Kristen Beck, Ph.D. Research Staff Member, Industrial and Applied Genomics
IBM Almaden Research Center, San Jose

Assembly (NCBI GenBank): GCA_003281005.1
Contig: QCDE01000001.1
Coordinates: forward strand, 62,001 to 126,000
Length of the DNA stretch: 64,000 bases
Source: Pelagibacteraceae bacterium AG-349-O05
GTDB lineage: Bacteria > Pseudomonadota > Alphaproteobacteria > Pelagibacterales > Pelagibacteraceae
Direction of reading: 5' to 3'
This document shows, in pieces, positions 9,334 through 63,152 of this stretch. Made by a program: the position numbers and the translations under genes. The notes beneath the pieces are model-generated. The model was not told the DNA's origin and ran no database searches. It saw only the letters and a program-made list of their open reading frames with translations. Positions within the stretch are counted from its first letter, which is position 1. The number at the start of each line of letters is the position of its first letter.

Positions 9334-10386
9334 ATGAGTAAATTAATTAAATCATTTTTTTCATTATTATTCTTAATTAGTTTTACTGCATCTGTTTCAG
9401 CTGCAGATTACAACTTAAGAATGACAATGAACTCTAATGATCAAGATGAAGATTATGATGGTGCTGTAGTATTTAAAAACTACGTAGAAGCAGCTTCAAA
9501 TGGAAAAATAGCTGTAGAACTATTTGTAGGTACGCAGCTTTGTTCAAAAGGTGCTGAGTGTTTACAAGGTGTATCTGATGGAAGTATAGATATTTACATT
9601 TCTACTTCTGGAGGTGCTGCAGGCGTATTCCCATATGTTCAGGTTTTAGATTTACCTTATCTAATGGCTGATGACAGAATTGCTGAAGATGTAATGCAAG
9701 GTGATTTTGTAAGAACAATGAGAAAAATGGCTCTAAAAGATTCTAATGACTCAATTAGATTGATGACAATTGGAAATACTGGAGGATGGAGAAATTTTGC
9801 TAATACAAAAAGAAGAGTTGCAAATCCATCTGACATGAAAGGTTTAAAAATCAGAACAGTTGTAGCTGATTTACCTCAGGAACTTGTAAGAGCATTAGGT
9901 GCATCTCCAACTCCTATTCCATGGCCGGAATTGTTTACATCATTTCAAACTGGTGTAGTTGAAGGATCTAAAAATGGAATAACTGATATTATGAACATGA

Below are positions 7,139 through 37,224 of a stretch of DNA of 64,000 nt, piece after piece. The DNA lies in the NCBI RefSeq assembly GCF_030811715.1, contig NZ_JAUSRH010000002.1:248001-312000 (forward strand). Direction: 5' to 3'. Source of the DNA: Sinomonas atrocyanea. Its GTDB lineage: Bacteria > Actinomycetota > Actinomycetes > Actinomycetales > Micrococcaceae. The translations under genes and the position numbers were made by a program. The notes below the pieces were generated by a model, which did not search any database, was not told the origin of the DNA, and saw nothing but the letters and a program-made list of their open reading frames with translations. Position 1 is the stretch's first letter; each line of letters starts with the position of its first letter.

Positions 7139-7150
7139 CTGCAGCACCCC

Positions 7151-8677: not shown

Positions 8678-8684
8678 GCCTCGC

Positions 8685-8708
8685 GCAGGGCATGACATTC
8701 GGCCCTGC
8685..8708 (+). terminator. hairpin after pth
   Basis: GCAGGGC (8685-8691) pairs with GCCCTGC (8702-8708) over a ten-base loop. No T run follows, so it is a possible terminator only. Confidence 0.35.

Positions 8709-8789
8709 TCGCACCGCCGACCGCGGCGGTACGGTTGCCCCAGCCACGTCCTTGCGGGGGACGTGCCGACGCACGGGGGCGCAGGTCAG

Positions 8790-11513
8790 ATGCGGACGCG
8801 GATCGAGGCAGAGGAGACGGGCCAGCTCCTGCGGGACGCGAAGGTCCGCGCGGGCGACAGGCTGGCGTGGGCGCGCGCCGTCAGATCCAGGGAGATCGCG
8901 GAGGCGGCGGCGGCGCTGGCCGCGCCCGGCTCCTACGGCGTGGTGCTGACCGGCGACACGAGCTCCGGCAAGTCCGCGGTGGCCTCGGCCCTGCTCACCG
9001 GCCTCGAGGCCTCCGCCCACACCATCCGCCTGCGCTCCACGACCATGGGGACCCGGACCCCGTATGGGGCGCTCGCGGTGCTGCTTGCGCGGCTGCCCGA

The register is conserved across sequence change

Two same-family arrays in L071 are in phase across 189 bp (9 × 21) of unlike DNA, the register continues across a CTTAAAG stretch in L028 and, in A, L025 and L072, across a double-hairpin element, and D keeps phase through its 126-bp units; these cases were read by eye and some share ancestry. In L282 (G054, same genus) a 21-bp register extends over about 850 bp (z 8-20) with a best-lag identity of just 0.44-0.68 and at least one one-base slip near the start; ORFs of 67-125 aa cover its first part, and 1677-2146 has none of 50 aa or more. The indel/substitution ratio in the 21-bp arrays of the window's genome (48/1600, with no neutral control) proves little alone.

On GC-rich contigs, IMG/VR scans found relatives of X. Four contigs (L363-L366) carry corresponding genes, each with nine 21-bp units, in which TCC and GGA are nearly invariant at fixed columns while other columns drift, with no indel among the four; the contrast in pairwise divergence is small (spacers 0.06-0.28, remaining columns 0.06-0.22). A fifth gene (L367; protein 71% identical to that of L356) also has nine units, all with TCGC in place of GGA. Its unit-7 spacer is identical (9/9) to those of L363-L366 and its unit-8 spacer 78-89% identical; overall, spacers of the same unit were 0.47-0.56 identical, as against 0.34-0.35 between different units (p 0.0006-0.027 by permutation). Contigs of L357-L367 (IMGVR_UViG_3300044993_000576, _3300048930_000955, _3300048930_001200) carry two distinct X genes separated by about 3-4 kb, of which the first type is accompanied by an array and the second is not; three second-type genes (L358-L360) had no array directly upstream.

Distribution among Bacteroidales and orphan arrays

As the challenges of protecting global food supply chains become more complex, the technical approaches being used to understand and guard against threats are becoming more sophisticated. Food safety testing is beginning to adopt new technologies such as next generation sequencing of DNA or RNA in their monitoring procedures and the cost of next generation sequencing is only decreasing with time. Together, this makes providing food safety solutions a very data-intensive problem. By surveilling the microbiome of food ingredients, we can develop methods and best practices that can be used to improve food testing standards and security of the food supply chain. As part of the Consortium for Sequencing the Food Supply Chain, we’ve utilized hundreds of terabytes of raw sequencing and derivative data to show that microbes will respond to perturbations in their environment and can be useful as an indicator of food safety hazards. By monitoring food microbiomes, we can better understand food safety hazards and quality issues that may arise in the supply chain.